Jump to content
Merkin

The Words Unsaid by Nigel Gordon

Recommended Posts

Buckle your seat belts—it looks like we’re in for a long and bumpy ride toward a destination that promises to be memorable. “The Words Unsaid” by Nigel Gordon starts today with a single chapter and it is soon apparent that this is grand scale writing well worth the reading. Already the characters evoke keen interest and a beginning commitment to learn their outcomes, and the story telling is clearly in the hands of a highly talented driver.

I didn’t know the E-type had an upgrade to make it “safe.” It always appeared to me to be a lovely death wish on wheels. Maybe I need to rethink hanging onto my Dodge Dart.

Find it here:
http://www.awesomedude.com/nigel_gordon/the-words-unsaid/index.htm

Link to post

It certainly gripped me with the first paragraph and has maintained it's hold. I'll be none too patiently awaiting the subsequent chapters.

Link to post

No mention of the Lucas electronics in it? Lucas is a joke world wide.

I think the Eagle upgrade includes all the electronics - basically you get a brand new car built inside the old body. Even the engine is completely stripped down and rebuilt using higher spec fittings.

Link to post

The Eagle is over the top for me. I've not driven a E type, but the stopping ability of many cars of that era is let down by the suspension, and with that sorted, the next weakest link is often the rubber. The brakes are quite often ok in themselves, but are not up to repeated use and will fade. But if you use the speed of an E type, and get it flat out - and then plant the brakes, I think fade can set in before it has come to a halt!

Mind you, the E type holds the sort of record that would have the driver needing a change of underwear...

The longest skidmarks recorded on a public road were 290 m (950 ft) long and were left by a Jaguar car involved in an accident on the M1 near Luton, Bedfordshire, UK, on 30 June 1960. Evidence given in the subsequent High Court case Hurlock v. Inglis et al. indicated a speed "in excess of 100 mph before the application of the brakes".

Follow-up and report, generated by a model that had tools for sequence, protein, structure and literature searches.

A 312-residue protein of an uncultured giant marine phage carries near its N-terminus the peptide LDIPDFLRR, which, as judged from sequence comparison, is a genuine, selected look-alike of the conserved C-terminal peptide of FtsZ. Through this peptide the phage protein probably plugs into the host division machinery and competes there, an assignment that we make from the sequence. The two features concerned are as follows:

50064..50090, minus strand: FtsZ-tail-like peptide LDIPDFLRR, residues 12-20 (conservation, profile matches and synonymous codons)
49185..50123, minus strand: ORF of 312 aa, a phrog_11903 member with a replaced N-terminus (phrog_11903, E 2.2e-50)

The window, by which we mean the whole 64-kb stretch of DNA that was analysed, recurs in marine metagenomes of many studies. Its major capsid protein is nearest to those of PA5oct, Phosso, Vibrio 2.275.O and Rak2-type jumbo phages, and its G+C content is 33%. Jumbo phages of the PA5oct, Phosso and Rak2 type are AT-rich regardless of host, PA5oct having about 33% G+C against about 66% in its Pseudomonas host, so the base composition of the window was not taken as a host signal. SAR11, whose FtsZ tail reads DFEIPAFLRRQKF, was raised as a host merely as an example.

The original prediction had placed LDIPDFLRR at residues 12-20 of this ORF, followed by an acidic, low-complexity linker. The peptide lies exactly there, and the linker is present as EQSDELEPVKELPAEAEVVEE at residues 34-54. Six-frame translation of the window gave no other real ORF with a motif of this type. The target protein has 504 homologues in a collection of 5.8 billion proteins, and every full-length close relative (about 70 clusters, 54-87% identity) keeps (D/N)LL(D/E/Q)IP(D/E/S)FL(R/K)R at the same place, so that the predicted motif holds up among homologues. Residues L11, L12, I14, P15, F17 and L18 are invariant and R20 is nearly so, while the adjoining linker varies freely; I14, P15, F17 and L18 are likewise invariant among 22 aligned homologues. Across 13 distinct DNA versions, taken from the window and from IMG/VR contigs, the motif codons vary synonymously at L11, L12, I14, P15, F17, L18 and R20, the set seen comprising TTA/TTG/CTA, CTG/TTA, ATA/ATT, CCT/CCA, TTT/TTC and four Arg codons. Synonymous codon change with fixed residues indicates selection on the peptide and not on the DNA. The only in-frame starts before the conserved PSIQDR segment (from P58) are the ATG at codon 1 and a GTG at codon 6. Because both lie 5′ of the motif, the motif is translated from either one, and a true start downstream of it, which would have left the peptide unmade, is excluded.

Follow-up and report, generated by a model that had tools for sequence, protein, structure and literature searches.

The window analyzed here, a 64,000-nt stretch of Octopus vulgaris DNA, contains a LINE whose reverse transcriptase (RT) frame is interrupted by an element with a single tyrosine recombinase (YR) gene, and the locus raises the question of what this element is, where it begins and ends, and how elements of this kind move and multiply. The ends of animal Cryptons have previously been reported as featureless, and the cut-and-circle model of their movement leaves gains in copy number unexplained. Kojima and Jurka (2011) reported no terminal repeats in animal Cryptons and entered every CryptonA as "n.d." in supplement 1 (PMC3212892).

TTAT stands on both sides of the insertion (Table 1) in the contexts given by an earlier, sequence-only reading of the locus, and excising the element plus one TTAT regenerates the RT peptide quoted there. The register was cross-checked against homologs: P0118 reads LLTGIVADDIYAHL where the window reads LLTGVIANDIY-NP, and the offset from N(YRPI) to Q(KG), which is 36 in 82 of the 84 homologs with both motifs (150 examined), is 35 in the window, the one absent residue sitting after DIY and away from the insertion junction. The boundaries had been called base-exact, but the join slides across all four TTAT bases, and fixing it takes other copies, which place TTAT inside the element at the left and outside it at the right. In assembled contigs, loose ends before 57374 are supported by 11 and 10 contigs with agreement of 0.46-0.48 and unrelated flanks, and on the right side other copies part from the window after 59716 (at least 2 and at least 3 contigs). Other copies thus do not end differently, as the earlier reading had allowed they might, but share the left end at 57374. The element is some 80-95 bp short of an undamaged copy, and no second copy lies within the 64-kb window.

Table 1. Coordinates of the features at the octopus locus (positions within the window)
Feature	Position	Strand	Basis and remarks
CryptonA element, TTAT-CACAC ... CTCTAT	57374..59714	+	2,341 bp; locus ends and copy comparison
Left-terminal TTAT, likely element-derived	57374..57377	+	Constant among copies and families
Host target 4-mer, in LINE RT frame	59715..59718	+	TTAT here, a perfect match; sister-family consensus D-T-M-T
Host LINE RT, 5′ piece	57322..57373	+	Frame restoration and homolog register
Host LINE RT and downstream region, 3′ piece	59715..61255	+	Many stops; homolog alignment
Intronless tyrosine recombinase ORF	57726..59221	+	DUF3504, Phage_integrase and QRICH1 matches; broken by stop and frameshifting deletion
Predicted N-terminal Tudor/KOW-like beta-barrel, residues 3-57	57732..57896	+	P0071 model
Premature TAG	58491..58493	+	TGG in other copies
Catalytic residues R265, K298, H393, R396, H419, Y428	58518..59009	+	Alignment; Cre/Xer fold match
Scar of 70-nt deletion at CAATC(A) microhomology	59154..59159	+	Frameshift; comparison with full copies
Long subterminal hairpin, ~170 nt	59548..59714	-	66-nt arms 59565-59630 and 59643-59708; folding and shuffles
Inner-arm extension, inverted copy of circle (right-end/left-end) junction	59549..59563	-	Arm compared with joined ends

From The Guinness Book of Records.

That though is by the by, the story is excellent and makes one impatient for the next instalment.

Link to post

Mind you, the E type holds the sort of record that would have the driver needing a change of underwear...

The longest skidmarks recorded on a public road were 290 m (950 ft) long and were left by a Jaguar car involved in an accident on the M1 near Luton, Bedfordshire, UK, on 30 June 1960. Evidence given in the subsequent High Court case Hurlock v. Inglis et al. indicated a speed "in excess of 100 mph before the application of the brakes".

From The Guinness Book of Records.

That though is by the by, the story is excellent and makes one impatient for the next instalment.

​I think Nick that was a Mark II - The E-Type Series one did not go on sale till 1961. My friend Dr Hammet had a Jaguar Mk II in the early 60s and regularly used to do over 100 mph in it, which in those days was quite a high speed.

Link to post

Cole asked: How did anyone survive?!

They didn't, Cole. Since 1978 the British Parliament Question Hour has been reruns. Rather like American C-SPAN.

Link to post

The story itself is off to a grim but fascinating start. The characters all 'feel' quite real, much the sort of chap one might know well. This should be exciting!

Link to post

Aarrgh! Not sure my patience is up to the task... Brilliant start to this story, I'm hooked, line and sinker - can't wait to find out what happens, what brought poor Thomas to this pass. I hope it all comes right for him in the end...

Link to post

AWESOMEDUDE ALERT: Posting of Nigel's Gordon's serial novel The Words Unsaid has been interrupted for technical reasons.